In their new book, Change Anything: The New Science of Personal Success, Kerry Patterson and co-authors discuss the three dimensions in your life that merit scrutiny as you seek to do better in your life, business or career.
The three dimensions are:
The need for change
As you do what it takes to reach a higher level of achievement and satisfaction, you must cast off some beliefs, people, practices, and even places that have been bringing you down. You’re also going to need to add in some extras that you might never thought you needed.
This is a bit like the Keith Richard myth/truth that in order to pass a drug test, the ye old Rolling Stone had his blood exchanged. He’s both denied that and admitted it, so even if it’s half-truth – he passed the test and we suspect something changed to accomplish it.
Perhaps the most painful finding in Change Anything’s scientific look at successful change, is the notion that you are going to have to exchange your friends for better ones. There’s good evidence that bad behavior is contagious.
For example, obese people typically have obese friends, and they all didn’t start out that way. It’s just that over time, they engaged in activities together – like lots of eating and an equal or greater amount of sitting – that did them in. And, because people naturally compare themselves with their peers, well, if you’re about as out of shape as everyone you know then you are NORMAL. At least when you’re in that group.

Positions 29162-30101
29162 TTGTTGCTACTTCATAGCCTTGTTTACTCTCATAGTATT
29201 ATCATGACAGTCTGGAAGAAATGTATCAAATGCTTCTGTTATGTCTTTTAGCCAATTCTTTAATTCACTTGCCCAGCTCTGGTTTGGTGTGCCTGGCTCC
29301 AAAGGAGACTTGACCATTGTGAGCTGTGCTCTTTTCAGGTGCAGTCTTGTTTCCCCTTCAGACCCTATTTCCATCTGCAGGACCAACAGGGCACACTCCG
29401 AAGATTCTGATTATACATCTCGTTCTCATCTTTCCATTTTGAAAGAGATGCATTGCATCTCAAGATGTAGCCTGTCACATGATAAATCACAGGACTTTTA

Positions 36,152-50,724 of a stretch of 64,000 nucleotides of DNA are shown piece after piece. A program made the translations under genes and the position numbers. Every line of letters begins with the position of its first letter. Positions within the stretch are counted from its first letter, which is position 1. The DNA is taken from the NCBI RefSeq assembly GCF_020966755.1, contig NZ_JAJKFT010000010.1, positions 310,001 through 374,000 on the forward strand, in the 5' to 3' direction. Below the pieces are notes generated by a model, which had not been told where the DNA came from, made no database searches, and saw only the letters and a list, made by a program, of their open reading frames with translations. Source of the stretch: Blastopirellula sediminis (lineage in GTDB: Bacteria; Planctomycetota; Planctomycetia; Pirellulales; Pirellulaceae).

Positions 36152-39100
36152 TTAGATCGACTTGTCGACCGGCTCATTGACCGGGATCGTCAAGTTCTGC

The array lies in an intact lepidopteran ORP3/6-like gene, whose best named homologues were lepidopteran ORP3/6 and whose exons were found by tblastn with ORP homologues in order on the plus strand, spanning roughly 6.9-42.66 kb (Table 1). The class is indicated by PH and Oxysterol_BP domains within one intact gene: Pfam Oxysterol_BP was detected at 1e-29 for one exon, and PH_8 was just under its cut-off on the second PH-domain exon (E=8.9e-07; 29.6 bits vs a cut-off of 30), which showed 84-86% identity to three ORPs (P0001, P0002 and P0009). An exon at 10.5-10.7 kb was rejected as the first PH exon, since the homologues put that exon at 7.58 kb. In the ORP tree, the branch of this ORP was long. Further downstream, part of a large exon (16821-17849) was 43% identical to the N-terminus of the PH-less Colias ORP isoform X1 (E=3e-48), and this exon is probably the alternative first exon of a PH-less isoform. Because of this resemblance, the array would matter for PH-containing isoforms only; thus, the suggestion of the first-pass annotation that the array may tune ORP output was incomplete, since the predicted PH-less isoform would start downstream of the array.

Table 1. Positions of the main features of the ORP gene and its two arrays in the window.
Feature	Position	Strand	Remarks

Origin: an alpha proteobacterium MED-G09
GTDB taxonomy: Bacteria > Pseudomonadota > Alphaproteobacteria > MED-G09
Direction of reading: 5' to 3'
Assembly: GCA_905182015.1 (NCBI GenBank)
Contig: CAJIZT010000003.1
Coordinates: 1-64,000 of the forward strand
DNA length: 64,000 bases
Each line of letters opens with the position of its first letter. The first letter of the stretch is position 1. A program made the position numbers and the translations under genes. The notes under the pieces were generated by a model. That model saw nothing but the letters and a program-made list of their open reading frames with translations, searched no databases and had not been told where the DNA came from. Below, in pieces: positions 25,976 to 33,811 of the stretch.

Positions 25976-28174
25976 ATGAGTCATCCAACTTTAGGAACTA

The real surprise about career or business success, is that lack of achievement is akin to engaging in poor eating and exercise habits. That is, if you’re with friends who all complain about their bosses, their companies, their clients and their colleagues, well: you’re going to do the same. And no complainer does well, except among other complainers.
So consider your situation. If everyone you know is unemployed or underemployed, then you are likely to be as well. If not now, then just watch the clock. Your time will come.
First step to moving forward
Check your friends and see if they are accomplices in spiraling you downward – or more like coaches who encourage and support your ascent upward.
– Are your friends enjoying cultural events?
– Are your friends abusing substances?
– Are your friends putting aside money while they’re employed, so they can start a business on their own in the near future?
– Are your friends buying video games or shoes with every extra dollar they have?
The questions can go deeper and wider, but you get the drift. If you look around and see people who don’t reflect where you want to be – who aren’t go-getters, and lemonade-from-lemons kind of people – then consider putting some distance between them and you.
Your transformation may not be as difficult or dramatic as Keith Richards, but remember his buddy and band mate Mick Jagger graduated from the London School of Economics. Not bad company to keep.
Now what’s your next step? How about starting with a friend inventory and performance evaluation? Then take remedial action. Sound harsh? It’s nothing compared to going nowhere with them.